MENTAL HEALTH AWARENESS
Nationally, many mental health organizations recognize the month of May as Mental Health Awareness Month. We affirm the tremendous need for mental health awareness and recognize the significance of focused prayer on “broken treaties” and “standing in the gap” at this time.
Historical References / Anniversaries:
Excerpt from Andrew Jackson’s State of the Union Address 12/8/29
May 28, 1830 – Indian Removal Act
Indian Removal Act – Library of Congress
May 17 1836 – Senate Approved New Echota Treaty by 1 vote
May 23 1836 – New Echota Treaty ( 7 stat 478)
May 23 1838 – Deadline of Forced Removal
Oklahoma Territory – History
Scripture gives some great insight on how we can proceed in prayer.
Exodus 23:2; Numbers 30:2; Deuteronomy 16:18-20; Deuteronomy 27:19; Joshua 9:1-26; 2 Samuel 21:1-14; Psalm 10:17-18; Psalm 72:4; Malachi 2:17; Matthew 5:33-37; Matthew 23:23; James 5:12
Prayer Regarding Broken Treaties:
“Yahweh, Maker of heaven and earth and all that has breath, You clearly have taught us to be humble, to do justly and to love mercy. You have instructed us to simply let our ‘yes’ be ‘yes’ and our ‘no’ be ‘no’. Yet, we have made and have broken our oaths time and time again. It has happened throughout centuries and throughout the world. Your people live daily with the consequences of broken covenants. Oh, how it must grieve Your heart. How much more it must grieve your heart when your leaders, through power and influence, purposefully break treaties for gain. In this month of May, you have brought it to our attention that law-makers will even make new laws to force others to break covenants. They will even give people false authority to make decisions, so that covenants and laws enforcing them are fraudulent. Father, your indigenous people of North America have been victims of broken covenants and fraudulent laws for centuries. We ask that You will remember our indigenous people with mercy and grace. Father, we pray that You will show your people, like You showed King David, of the broken treaties of our ancestors. Through Your divine guidance, direct us into repentance. Father, Your people are perishing every day from every kind of trouble and pestilence. Out of Your great love and favor, show us the connections between ‘broken treaties’ and ‘famine’, as You did to David. Merciful Father, as we remember history and the countless wrongs, forgive us for crying out “Where were You?”, “Why didn’t You?”, “Where are You?” “How could You?” Direct us in how we should pray. Direct us in how we should listen. Mold our hearts and correct our motives. Bring about the healing of North America and all of it’s people. Guide us out from under the bondage and curse. Guide the governments out from under the bondage and curse. Guide Your people into righteousness, peace and joy. In Jesus holy Name, Amen.”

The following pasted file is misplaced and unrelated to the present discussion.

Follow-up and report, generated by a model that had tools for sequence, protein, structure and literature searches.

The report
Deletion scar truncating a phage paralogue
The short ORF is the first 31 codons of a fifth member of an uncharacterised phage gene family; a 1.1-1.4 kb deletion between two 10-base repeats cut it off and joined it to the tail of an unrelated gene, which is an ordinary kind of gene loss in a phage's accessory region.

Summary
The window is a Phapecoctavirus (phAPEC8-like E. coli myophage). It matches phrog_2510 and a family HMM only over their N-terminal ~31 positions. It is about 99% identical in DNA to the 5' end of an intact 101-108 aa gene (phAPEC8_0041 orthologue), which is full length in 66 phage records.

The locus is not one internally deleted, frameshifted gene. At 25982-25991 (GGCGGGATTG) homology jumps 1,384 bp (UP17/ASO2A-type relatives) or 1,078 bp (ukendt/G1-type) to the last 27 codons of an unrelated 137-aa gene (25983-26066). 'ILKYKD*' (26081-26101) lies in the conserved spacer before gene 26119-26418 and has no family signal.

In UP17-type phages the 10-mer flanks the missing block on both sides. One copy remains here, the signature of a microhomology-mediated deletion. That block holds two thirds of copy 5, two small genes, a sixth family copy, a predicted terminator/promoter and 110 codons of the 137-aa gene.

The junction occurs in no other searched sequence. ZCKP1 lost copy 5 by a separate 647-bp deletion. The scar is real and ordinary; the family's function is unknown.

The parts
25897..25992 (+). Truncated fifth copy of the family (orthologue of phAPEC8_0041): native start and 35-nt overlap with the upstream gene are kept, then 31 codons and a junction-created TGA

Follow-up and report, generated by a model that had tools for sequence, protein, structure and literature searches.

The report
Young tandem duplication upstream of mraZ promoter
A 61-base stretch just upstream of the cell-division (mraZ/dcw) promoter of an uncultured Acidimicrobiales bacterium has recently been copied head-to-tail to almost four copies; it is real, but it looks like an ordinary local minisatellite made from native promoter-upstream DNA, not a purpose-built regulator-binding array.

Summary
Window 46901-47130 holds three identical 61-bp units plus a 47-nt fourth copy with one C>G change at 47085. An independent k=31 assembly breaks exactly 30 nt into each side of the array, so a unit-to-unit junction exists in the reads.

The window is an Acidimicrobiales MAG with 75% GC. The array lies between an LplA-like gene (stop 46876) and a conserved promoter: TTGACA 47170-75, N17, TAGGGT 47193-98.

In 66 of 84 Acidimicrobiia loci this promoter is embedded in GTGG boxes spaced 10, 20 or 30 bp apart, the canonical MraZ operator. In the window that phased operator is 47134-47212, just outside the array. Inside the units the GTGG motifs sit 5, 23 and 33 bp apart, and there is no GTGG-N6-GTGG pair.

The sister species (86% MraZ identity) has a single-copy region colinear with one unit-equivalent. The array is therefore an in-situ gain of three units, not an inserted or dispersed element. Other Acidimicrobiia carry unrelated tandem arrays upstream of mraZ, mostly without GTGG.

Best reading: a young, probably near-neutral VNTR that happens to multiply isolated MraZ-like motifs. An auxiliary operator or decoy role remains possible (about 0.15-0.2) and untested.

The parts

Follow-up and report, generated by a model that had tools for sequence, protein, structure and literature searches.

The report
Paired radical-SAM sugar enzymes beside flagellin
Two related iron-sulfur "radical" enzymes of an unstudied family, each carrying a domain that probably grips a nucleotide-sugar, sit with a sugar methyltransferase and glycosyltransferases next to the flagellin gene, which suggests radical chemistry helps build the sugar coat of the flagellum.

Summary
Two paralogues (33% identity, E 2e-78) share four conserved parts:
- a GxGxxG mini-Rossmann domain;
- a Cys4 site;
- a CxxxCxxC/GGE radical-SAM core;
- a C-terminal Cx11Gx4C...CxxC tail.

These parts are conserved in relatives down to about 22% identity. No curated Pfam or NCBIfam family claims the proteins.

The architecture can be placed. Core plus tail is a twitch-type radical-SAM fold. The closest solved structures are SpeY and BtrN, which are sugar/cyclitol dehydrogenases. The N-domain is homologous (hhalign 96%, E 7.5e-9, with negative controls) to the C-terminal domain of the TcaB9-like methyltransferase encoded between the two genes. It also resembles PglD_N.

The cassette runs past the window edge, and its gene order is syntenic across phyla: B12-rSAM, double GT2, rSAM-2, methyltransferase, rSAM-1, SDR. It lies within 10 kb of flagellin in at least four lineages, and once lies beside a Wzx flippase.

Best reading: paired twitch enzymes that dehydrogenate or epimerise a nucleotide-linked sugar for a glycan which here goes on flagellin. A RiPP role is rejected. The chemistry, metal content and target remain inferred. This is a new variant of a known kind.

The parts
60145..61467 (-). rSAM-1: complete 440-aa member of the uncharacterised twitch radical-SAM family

STANDING IN THE GAP
Historical References / Anniversaries
May 13, 1614: Juan de Onate
“Juan de Oñate is judged guilty of 12 charges filed against him, which related to his administration of New Mexico. They included the unjust hanging of two Acomas, great severity in battle and trial against the Acoma people, adultery, swearing falsely, and others. He was banished for life from New Mexico, and for four years from Mexico City, and assessed large fine.” Kessell, Spain in the Southwest; Twitchell, Leading Facts, Vol. I